clothed with a long robe and with a golden sash across his chest. His head and his hair were white as white wool, white as snow; his eyes were like a flame of fire, his feet were like burnished bronze, refined as in a furnace, and his voice was like the sound of many waters. In his right hand he held seven stars, and from his mouth came a sharp, two-edged sword, and his face was like the sun shining with full force (1:13-16).
This is Jesus the warrior, as we will see in 19:11. Yet Jesus’ weapon is his tongue. We are told,
his name is called The Word of God… From his mouth comes a sharp sword with which to strike down the nations, and he will rule them with a rod of iron; he will tread the wine press of the fury of the wrath of God the Almighty (19:13-14).
It’s noteworthy, however, that the word ποιμανεῖ, translated as the verb “to rule,” is more appropriately translated “to shepherd;” the same root appears in Jesus’ command to Peter in John 21:16: “Shepherd (or feed) my sheep.” Despite the warlike images Revelation offers, Jesus’ “war” is conducted with Truth, not steel, and his goal is to care for, not conquer. If this seems ironic, presumably it is meant to be; like the Gospel of John, Revelation contains a great deal of irony.
The Son of Man appears again in Chapter 14:
“Then I looked, and there was a white cloud, and seated on the cloud was one like the Son of Man, with a golden crown on his head, and a sharp sickle in his hand!” (14:14).
Here, Christ the majestic becomes the reaper of the earth. The text does not say exactly what was reaped. In the following passages, angels reap grapes and make wine (14:17-20).
The second appearance of Jesus is in Chapter 5. Here we find more irony, as the elder tells John that only “the Lion of Judah, the root of Davis” can open the scroll. But what John sees is not a lion, but lamb “standing as if slaughtered” (5:6). It is not Jesus’ power and glory but his sacrificial death on the Cross that makes him worthy to open the scroll.
As the seals are broken and the story unfolds, we are told more about the Lamb. Washing robes in his blood makes them white (7:14), he will shepherd (the same verb ποιμανεῖ is used as in 19:14) to the water of life (7:17, cf John 4:10, 10:11), he keeps the book of life (13:8, 21:27), and he is “Lord of lords and King of kings” (17:14). The “great multitude” (7:9) has been saved, we are told, because “they have washed their robes and made the white in the blood of the lamb” (7:14, cf 1 John 1:7). It is not only belief in the Lamb that saves, but participation in his blood sacrifice. “They will hunger no more and thirst no more” (7:16, cf John 6:35, Isaiah 49:10).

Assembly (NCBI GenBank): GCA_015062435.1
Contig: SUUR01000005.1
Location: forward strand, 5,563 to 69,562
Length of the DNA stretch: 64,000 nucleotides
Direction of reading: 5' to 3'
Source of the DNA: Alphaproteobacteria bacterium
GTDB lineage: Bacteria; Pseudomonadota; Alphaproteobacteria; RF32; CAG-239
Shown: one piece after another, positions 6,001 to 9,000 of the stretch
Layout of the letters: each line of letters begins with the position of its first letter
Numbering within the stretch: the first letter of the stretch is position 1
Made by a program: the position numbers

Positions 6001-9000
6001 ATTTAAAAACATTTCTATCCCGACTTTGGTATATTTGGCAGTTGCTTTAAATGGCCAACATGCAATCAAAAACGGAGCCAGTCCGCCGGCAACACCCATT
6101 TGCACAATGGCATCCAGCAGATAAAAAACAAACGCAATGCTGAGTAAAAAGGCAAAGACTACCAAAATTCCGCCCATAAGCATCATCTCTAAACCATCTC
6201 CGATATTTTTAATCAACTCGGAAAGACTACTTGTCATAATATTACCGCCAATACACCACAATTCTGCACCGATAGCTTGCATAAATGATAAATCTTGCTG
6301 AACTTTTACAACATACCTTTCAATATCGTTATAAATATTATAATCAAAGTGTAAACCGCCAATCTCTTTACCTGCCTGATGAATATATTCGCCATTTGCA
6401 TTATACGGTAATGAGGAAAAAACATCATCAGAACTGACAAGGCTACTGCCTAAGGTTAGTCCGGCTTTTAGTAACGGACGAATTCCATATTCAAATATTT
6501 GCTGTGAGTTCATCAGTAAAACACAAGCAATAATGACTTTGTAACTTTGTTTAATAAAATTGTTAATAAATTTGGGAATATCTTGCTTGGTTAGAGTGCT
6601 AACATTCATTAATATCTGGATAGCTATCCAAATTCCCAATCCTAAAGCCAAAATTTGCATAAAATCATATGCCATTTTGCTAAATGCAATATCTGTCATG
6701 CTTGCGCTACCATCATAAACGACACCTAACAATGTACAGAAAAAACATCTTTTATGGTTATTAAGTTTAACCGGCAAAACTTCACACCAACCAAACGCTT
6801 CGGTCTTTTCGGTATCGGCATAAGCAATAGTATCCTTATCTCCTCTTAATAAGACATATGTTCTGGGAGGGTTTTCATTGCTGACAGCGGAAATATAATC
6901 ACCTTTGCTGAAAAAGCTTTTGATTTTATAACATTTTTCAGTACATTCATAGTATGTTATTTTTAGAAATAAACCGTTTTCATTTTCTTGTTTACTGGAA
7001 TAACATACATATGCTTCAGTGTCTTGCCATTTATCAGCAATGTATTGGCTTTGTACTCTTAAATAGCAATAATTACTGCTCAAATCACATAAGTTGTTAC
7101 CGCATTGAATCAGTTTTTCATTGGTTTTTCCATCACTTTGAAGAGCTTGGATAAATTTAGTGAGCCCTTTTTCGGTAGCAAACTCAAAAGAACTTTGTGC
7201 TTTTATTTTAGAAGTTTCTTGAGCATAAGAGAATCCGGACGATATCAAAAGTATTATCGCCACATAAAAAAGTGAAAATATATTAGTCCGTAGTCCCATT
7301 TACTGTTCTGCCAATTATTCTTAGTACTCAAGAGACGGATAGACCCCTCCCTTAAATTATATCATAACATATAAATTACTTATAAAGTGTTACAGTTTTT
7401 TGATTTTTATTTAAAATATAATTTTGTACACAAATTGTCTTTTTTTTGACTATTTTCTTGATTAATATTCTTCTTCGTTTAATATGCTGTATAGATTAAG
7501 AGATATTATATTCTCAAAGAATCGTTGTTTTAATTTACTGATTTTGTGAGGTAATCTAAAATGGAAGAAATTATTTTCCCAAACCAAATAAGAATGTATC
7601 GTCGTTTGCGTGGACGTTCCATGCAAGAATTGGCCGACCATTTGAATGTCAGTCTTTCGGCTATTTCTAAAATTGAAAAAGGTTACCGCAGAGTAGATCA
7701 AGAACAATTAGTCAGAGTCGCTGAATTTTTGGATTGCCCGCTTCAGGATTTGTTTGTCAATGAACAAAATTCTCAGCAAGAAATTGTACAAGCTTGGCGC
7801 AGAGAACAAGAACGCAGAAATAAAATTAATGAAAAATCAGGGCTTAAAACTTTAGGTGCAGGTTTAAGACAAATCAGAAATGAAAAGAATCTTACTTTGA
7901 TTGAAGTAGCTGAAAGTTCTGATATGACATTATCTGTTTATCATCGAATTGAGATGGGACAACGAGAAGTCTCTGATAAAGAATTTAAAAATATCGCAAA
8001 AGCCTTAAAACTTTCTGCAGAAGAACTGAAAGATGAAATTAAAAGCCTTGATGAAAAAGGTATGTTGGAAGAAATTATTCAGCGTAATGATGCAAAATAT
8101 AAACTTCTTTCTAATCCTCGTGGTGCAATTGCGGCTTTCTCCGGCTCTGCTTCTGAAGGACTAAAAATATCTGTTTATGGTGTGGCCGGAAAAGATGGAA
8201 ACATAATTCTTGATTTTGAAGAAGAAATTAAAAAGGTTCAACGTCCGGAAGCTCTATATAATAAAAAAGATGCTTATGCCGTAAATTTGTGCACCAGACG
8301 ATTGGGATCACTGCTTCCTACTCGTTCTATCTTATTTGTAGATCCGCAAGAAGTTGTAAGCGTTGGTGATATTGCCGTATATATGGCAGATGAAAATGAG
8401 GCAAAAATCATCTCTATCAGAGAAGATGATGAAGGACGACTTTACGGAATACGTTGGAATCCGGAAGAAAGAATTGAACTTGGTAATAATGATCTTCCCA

We should note here that despite the plagues being unleashed on the people of earth (which I’ll discuss in another post), what believers are called to do is to remain firm in their faith, even in the face of persecution. There is no allowance here for violence. In no way do the followers of Jesus participate in God’s judgment. They are called instead to a radically nonviolent response in the face of gathering armies and falling empires.
In Chapter 12, we see the third representation of Jesus: the innocent infant. He is described as ““a son, a male child, who is to rule all the nations with a rod of iron. But her child was snatched away and taken to God and to his throne…” (12:5). (Note the use of the word ποιμαίνειν, another form of the verb “to shepherd”.) Here, in the midst of God’s Kingdom being declared, we encounter the birth of Jesus, the hope for the future. In Part 1, I argued that John intends to place these events outside our concept of time, a topic I’ll return to again; this is surely more evidence of that intent.
There is one final appearance of Jesus that stands out. In the closing passage, John writes:
I, John, am the one who heard and saw these things. And when I heard and saw them, I fell down to worship at the feet of the angel who showed them to me; but he said to me, “You must not do that! I am a fellow servant with you and your comrades the prophets, and with those who keep the words of this book. Worship God!” (22:8-9).
But a few lines later, this very same speaker tells him,
“It is I, Jesus, who sent my angel to you with this testimony for the churches. I am the root and the descendant of David, the bright morning star” (22:16).
As we read Revelation, we find a great deal of ambiguity between Jesus and God, as we do also in the Gospel of John (e.g. John 14:7, 14:10-11). In this particular verse, we find ambiguity between Jesus and his servants, suggesting that just as there can be oneness between Jesus and God, there can also be oneness between Jesus and those who serve him (note the language in 22:9: “I am a fellow servant”). Again, this echoes the Gospel of John: “Abide in me as I abide in you” (e.g. John 15:4a).
Books could be written about Jesus as he appears in Revelation (and they have been). However, this short summary of the three (or four) representations of Jesus do give us an overall feel for where Revelation is taking us. Jesus is the Savior, and Jesus is the Word. Yet despite the warlike language describing him, Jesus does not fight his battles with military force. Instead Jesus conquers through Truth and through his own sacrifice on the Cross– a ritual execution by a conquering power that, to readers of the 1st century, was conventionally associated with defeat.